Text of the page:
This said, in the cities, a reflective surface would not help anything when it comes to energy savings as the HVAC unit of the nearby buildings would have to work overtime, an already observed phenomenom as you already stated.

    We cannot win, could it be because we are not supposed to?

  3. Interesting cost analysis. It was nice of you to comp them the costs of structural elements, conductors & connectors, seals and other basic mechanical parts of the tiles. Also the cost of the prepared road bed and those two concrete channels along each road they’re talking about as well as all the wiring and equipment in them, road surface heating elements, in situ water treatment and probably a bunch of other stuff they’re claiming that I’ve already forgotten.

    There’s non-cost-related issues with this idea too. As just one example, on that indiegogo campaign site scroll down to the images for “small glass hexagon” and “large glass hexagon” and think about driving on a road surface with that texture. At highway speeds. There’s a reason high speed roads aren’t built with interlocking pavers.

    1. There are a lot of costs I didn’t include because I didn’t feel like I could come up with accurate estimates for them, since labour costs, mechanical parts, etc aren’t my specialty (I am an electrical engineer).

      I wanted to make sure my estimate is more or less a lower bound, so I only included things that I am able to accurately estimate, and as it turned out that’s more than enough to put this project into the beyond-moonshot category.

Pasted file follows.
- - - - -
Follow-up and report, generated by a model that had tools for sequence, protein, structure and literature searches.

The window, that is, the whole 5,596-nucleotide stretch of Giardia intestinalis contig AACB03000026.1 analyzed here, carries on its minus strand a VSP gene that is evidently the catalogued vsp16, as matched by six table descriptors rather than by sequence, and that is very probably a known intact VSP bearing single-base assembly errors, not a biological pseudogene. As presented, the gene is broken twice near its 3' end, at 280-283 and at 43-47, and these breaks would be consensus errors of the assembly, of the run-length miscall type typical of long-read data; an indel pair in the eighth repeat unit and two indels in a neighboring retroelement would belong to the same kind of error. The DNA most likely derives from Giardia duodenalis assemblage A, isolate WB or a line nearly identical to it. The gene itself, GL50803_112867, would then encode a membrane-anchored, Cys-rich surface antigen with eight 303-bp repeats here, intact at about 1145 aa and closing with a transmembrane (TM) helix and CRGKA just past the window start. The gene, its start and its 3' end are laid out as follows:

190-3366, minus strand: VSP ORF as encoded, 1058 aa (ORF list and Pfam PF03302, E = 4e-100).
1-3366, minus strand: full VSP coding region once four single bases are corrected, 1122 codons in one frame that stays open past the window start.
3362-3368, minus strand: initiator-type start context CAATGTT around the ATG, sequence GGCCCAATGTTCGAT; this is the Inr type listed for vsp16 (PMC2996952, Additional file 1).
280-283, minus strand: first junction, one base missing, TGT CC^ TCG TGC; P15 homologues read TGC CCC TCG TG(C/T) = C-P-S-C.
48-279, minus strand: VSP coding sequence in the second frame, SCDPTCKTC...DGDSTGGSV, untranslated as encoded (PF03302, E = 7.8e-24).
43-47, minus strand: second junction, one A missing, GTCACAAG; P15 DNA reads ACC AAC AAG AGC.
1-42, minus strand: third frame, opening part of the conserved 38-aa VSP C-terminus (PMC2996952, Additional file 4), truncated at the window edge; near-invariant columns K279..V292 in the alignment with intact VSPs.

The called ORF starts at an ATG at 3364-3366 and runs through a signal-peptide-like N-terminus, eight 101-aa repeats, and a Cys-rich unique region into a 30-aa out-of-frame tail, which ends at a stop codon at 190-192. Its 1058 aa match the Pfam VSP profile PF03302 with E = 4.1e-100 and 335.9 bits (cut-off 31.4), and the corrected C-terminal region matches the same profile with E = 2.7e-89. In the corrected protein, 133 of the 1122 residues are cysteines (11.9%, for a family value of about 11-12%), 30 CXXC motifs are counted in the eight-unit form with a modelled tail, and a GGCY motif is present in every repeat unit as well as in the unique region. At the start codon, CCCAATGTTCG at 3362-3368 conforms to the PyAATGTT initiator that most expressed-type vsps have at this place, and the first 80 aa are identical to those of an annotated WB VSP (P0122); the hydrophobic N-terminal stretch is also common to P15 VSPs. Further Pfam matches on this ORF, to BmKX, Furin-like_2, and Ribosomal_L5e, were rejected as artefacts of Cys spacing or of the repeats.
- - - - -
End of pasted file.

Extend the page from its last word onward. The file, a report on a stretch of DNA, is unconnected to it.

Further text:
The 2 concrete channels don’t make a lot of sense, either. They are saying how the tiles can be used to carry information everywhere… well if you just dig 2 concrete channels beside all roads you can do that with regular wiring, too.

      1. I didn’t mean to sound critical, I really did appreciate your analysis. I couldn’t cost out all those other bits either, but I thought they were worth mentioning. Especially since the indiegogo campaign conveniently ignores all of these issues.

        Of course it is worth acknowledging that if someone dredged through the ashes of this project they might find a useful idea or two. Heated runways or lit, reconfigurable parking lots or something. Let’s hope all these people’s money isn’t completely wasted.